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J Paediatr Child Health. 2016 Feb;52(2):141-6. doi: 10.1111/jpc.13085.

Fluid resuscitation therapy for paediatric sepsis.

Long E1,2,3,4, Duke T5,2,3.

Author information

1
Department of Emergency Medicine, The Royal Children's Hospital, Melbourne, Victoria, Australia.
2
Murdoch Children's Research Institute, Melbourne, Victoria, Australia.
3
Faculty of Medicine, Dentistry, and Health Sciences, Department of Paediatrics, University of Melbourne, Melbourne, Victoria, Australia.
4
Paediatric Research in Emergency Departments International Collaborative (PREDICT), Melbourne, Victoria, Australia.
5
Intensive Care Unit, The Royal Children's Hospital, The Royal Children's Hospital, Melbourne, Victoria, Australia.

Erratum in

  • Erratum. [J Paediatr Child Health. 2016]

Abstract

Sepsis and septic shock are the final common pathway for many decompensated paediatric infections. Fluid resuscitation therapy has been the cornerstone of haemodynamic resuscitation in these children. Good evidence for equivalence between 0.9% saline and 4% albumin, with the relative expense of the latter, has meant that 0.9% saline is currently the most commonly used resuscitation fluid world-wide. Evidence for harm from the chloride load in 0.9% saline has generated interest in balanced solutions as first line resuscitation fluids. Their safety has been well established in observational studies, and they may well be the most reasonable default fluid for resuscitation. Semi-synthetic colloids have been associated with renal dysfunction and death and should be avoided. There is evidence for harm from excessive administration of any resuscitation fluid. Resuscitation fluid volumes should be treated in the same way as the dose of any other intravenously administered medication, and the potential benefits versus harms for the individual patient weighed prior to administration.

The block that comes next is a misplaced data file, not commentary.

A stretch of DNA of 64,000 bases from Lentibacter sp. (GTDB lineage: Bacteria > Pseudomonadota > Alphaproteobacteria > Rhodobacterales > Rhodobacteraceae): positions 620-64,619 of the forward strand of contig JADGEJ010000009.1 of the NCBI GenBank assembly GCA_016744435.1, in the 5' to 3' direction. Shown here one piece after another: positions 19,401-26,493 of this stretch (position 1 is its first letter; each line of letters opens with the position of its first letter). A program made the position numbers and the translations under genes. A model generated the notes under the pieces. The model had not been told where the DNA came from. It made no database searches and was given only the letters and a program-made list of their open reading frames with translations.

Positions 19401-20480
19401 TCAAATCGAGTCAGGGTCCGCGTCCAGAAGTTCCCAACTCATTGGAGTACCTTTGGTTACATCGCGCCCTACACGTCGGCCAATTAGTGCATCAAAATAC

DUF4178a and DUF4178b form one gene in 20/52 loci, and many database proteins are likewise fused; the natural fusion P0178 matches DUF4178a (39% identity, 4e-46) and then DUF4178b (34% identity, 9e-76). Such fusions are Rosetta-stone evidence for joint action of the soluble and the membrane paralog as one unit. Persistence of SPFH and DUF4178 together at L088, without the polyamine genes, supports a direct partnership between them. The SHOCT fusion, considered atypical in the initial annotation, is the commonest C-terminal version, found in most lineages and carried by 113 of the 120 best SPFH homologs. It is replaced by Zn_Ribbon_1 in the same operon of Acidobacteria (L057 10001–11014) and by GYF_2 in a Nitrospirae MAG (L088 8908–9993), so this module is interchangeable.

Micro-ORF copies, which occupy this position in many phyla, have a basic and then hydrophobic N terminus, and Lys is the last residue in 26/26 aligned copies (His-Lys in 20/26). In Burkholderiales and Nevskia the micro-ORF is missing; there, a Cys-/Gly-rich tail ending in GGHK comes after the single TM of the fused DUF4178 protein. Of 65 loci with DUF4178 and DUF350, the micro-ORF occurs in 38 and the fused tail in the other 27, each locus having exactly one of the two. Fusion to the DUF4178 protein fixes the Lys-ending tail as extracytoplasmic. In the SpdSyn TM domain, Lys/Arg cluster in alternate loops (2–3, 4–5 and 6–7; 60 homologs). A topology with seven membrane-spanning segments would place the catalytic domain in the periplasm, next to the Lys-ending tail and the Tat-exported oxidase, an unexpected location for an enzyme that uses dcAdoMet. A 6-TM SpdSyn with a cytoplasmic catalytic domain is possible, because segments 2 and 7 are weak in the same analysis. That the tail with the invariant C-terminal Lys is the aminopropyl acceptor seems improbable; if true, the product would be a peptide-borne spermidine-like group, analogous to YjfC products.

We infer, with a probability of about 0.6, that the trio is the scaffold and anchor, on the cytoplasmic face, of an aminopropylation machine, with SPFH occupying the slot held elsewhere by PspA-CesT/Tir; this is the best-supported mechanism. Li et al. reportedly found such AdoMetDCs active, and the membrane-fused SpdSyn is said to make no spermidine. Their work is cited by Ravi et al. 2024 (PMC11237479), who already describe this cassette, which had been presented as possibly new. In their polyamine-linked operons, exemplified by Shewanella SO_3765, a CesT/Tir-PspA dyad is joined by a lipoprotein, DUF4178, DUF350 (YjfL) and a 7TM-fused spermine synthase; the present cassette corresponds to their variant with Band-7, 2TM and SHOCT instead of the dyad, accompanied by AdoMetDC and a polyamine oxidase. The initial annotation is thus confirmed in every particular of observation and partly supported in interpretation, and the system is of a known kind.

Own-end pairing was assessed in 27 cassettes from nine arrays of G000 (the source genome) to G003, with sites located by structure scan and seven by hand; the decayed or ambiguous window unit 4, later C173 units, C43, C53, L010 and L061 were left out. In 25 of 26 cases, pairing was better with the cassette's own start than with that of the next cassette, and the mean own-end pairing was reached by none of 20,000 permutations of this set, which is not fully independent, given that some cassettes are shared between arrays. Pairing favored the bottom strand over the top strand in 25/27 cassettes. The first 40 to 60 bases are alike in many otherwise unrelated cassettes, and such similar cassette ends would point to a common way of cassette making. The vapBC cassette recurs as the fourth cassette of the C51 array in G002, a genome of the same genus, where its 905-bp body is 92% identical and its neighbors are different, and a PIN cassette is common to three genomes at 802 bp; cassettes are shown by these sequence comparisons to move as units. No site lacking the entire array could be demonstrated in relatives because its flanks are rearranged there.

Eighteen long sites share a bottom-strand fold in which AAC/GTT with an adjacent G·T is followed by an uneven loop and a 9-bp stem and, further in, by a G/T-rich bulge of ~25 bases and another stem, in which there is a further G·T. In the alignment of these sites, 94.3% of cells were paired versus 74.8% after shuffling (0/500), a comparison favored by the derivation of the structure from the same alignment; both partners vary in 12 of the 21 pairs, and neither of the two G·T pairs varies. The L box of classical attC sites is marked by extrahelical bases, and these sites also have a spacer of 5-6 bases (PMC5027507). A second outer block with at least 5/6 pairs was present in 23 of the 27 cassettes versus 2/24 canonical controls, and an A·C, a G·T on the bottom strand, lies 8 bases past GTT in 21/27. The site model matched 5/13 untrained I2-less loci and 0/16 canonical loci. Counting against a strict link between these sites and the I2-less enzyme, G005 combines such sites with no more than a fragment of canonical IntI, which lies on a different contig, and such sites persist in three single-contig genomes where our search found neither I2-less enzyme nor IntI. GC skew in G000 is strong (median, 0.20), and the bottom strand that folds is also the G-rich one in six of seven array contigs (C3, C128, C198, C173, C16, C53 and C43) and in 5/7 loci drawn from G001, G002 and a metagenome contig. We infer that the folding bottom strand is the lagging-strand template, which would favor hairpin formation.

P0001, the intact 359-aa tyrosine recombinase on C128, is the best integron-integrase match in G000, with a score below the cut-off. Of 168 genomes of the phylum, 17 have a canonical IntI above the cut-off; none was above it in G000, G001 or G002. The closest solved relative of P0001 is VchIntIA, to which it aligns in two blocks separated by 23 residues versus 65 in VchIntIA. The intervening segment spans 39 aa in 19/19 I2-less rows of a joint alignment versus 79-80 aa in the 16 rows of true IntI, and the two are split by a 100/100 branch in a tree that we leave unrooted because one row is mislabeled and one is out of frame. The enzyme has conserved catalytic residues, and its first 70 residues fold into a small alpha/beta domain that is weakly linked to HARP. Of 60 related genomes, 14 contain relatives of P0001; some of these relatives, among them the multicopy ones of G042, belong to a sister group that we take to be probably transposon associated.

KEYWORDS:

child; colloid; crystalloid; fluid resuscitation; sepsis

PMID:
27062617
DOI:
10.1111/jpc.13085
[Indexed for MEDLINE]

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